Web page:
Could Joe Miller Really Force the Federal Government to Hand Over Denali National Park to Alaska?
Alaska's latest political upstart, Joe Miller, wants to go Wyoming Gov. David Freudenthal one better. While Governor Freudenthal had threatened to sell state lands within Grand Teton National Park to the highest bidder, Mr. Miller wants the federal government to turn over all national parks to the Alaskan government.
Of course, Mr. Miller, a favorite of the Tea Party, has a long way to go to see his dream come true. First he has to beat U.S. Sen. Lisa Murkowski for the Republican nomination for the seat -- something he seems en route to doing, what with a 1,600-vote lead at last check. Then he'd need to win the November general election race against Scott McAdams, which perhaps is no sure thing.
Still, he's got moxie!
In an interview with Alaska Dispatch, Miller said if elected to the Senate, he will fight for state control of vast swaths of Alaska currently under federal ownership. Promoting resource development on those lands would help Alaska pay its own way and break its dependence on federal money, he said.
On Miller's list of federal lands that the state should control is Denali National Park -- Alaska's equivalent of Yellowstone National Park. Denali, a pristine park with only one road, is home to Mount McKinley -- the nation's tallest peak -- as well as grizzly bears, wolves, Dall sheep and other animals.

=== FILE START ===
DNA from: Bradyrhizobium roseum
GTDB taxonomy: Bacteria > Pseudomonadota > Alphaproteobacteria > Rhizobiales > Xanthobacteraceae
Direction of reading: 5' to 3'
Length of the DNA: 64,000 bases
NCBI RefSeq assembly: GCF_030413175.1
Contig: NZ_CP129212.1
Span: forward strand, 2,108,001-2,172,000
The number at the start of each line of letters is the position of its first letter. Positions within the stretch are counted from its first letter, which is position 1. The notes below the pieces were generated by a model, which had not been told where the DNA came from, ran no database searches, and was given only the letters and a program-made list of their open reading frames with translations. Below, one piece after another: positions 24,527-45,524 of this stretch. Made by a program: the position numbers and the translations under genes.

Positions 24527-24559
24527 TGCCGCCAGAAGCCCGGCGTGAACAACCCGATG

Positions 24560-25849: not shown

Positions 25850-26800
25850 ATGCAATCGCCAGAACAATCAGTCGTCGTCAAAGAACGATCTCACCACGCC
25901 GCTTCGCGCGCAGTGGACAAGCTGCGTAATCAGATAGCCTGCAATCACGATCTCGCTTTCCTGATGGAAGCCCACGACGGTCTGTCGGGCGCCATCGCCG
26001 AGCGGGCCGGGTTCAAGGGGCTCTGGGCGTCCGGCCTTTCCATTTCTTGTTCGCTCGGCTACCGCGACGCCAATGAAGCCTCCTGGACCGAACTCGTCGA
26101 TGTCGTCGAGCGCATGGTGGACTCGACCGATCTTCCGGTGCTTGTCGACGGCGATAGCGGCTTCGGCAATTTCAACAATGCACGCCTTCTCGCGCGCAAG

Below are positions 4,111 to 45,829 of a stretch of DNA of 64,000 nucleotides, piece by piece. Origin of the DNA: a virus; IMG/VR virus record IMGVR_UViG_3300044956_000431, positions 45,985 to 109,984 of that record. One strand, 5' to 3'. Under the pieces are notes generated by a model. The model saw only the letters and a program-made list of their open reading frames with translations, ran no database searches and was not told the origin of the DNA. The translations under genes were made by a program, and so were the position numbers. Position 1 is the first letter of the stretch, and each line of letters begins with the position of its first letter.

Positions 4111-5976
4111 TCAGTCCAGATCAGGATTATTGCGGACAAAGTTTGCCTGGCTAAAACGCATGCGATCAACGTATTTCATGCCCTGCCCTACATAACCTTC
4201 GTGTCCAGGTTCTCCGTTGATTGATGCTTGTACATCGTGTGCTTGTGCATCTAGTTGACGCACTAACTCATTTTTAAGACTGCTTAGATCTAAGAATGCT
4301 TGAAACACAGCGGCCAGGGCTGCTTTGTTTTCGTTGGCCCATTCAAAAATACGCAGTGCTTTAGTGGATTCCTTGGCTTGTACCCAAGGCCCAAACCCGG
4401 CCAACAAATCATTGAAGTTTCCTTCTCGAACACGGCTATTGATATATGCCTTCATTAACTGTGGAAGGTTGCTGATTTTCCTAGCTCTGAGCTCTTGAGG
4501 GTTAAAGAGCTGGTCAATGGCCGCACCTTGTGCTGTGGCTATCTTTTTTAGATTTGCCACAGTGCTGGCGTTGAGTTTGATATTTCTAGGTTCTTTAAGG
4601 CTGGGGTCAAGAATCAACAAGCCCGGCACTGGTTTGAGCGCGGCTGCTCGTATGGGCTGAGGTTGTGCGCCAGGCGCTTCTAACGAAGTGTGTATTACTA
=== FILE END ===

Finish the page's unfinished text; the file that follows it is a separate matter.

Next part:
"If there's a significant resource in that park that we could get at in a responsible way -- and the state decides it's appropriate to extract it -- let's create jobs from it," said Miller, adding that he moved to Alaska because he loves hunting and fishing and doesn't favor anything that despoils the wilderness.
Of course, talking about such a land deal and making it happen are two very different things, especially when Mr. Miller envisions either the federal government going bankrupt and voluntarily relinquishing its holdings or a change in the U.S. Constitution that would give states the upper hand over the federal government.
Perhaps Wyoming's governor should have been so bold. All Mr. Freudenthal did was suggest he would put two square-mile sections of state land that are surrounded by Grand Teton on the market if Interior officials didn't make a reasonable offer for the land. Well, apparently that offer was made last week. After meeting with Tom Strickland, assistant Interior secretary for fish, wildlife and parks, and Park Service Director Jon Jarvis, the governor told reporters that "we put together a transaction."